August 2, 2010- Iceberg’s Tip

Kate Murr

This day we were tired. We toured Walla Walla after the lunch I describe below, but it was hot and kids were cranky. We rested after our tour and then the kids got a special treat: a babysitter! Molly, Bob and Sydney’s granddaughter, watched the kids and we went out with Molly’s mom and dad to hear their friend perform at an open mic night. We had a proper date with adults and I met a man with a William Blake quotation tattooed on his arm.

First though, we had lunch in Walla Walla at Icebergs per Peter’s recommendation. Peter is a Bob and Sydney’s grandson, a strong, polite young man who is working at the farm this summer. He said to get the fry sauce so we did, and we shared big milkshakes and enjoyed the lunch thoroughly.

We ate at a table near Iceberg’s walk-up window and spoke with Pierre, the veteran who sat next to us. He drives a restored model A, wears a Rasta necklace, and makes it a point to make eye contact with everyone. He volunteers at the VA and elsewhere, speaking the language of those who have been in combat, helping loved-ones and soldiers cope with PTSD. His friend (Mike?) with him had been an alcoholic for 22 years and was now sober and moving within the week to Arizona to take care of his ailing parents who had kicked him out of the house years ago for his violent behavior. When Mike met his mentor, Pierre wouldn’t even let him in the house because his rages violated the house rules. Eventually though, Mike said he started listening to what Pierre was saying, started noticing that combat taught him to become detached from his heart to survive, started noticing that to him fear and love were equally and paralyzingly injurious, started to become conscious that no amount of avoidance or alcohol would produce the oblivion he sought. Mike started slowly to engage with people, to make eye contact, to share stories. He started to mentor and feel a certain clarity. He started to entertain the idea that openness wasn’t necessarily vulnerability. He worked hard. Is working hard. And when we met him, Mike sat on the edge of a new adventure, enjoying a send-off lunch with a friend and mentor and a random family bicycling across America.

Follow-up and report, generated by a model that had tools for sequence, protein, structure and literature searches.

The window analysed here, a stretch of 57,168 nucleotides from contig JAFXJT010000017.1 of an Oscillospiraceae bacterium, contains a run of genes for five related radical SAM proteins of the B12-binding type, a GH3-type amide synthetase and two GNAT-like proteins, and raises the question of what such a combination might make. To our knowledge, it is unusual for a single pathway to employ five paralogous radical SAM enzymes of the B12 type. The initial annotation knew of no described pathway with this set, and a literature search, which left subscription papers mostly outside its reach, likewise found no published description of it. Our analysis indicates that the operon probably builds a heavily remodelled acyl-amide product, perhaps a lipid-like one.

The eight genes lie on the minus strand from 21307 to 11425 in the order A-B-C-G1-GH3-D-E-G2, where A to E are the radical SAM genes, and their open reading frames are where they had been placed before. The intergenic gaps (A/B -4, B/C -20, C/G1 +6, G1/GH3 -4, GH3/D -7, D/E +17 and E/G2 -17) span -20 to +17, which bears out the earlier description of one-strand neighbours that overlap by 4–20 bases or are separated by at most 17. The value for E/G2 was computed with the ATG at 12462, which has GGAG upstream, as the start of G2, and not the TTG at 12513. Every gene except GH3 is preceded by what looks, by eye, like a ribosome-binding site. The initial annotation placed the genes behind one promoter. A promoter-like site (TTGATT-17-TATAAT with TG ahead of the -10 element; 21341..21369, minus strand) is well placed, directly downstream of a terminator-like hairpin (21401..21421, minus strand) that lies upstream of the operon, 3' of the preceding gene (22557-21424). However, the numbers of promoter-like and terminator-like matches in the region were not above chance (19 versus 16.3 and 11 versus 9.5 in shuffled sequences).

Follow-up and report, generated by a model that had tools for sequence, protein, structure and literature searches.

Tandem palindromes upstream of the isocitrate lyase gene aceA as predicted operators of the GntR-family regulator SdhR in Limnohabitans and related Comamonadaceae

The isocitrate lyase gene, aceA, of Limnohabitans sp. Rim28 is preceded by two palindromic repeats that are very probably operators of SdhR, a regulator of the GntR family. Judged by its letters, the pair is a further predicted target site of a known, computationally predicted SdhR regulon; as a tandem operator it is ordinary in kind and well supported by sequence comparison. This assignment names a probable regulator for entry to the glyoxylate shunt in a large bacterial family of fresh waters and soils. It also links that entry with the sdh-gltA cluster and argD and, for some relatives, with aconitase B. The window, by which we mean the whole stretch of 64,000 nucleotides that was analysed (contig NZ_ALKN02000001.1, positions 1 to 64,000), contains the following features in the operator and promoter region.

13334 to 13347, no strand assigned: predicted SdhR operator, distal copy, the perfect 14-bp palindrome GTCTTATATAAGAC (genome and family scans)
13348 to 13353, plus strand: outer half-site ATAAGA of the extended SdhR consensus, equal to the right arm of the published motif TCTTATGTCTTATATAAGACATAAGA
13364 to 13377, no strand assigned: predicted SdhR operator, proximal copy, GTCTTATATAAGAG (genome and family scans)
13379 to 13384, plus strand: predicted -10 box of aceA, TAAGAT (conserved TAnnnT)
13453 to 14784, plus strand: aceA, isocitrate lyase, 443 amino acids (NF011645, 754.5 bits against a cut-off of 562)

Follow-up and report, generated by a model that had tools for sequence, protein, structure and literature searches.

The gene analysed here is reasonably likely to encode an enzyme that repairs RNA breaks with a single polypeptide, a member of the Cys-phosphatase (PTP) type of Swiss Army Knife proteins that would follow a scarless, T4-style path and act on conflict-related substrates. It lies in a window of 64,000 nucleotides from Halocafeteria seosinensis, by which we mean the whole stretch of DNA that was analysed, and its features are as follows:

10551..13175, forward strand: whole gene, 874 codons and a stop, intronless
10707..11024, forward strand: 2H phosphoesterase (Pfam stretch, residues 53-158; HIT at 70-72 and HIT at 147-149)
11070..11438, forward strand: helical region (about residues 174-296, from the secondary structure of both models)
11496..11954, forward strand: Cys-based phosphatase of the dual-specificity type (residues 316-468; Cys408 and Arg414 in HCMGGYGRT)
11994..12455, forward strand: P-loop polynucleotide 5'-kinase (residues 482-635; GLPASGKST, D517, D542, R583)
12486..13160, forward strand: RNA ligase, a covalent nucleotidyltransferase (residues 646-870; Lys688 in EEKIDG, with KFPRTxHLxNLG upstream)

Best wishes, Mike.

(Photos to follow.)

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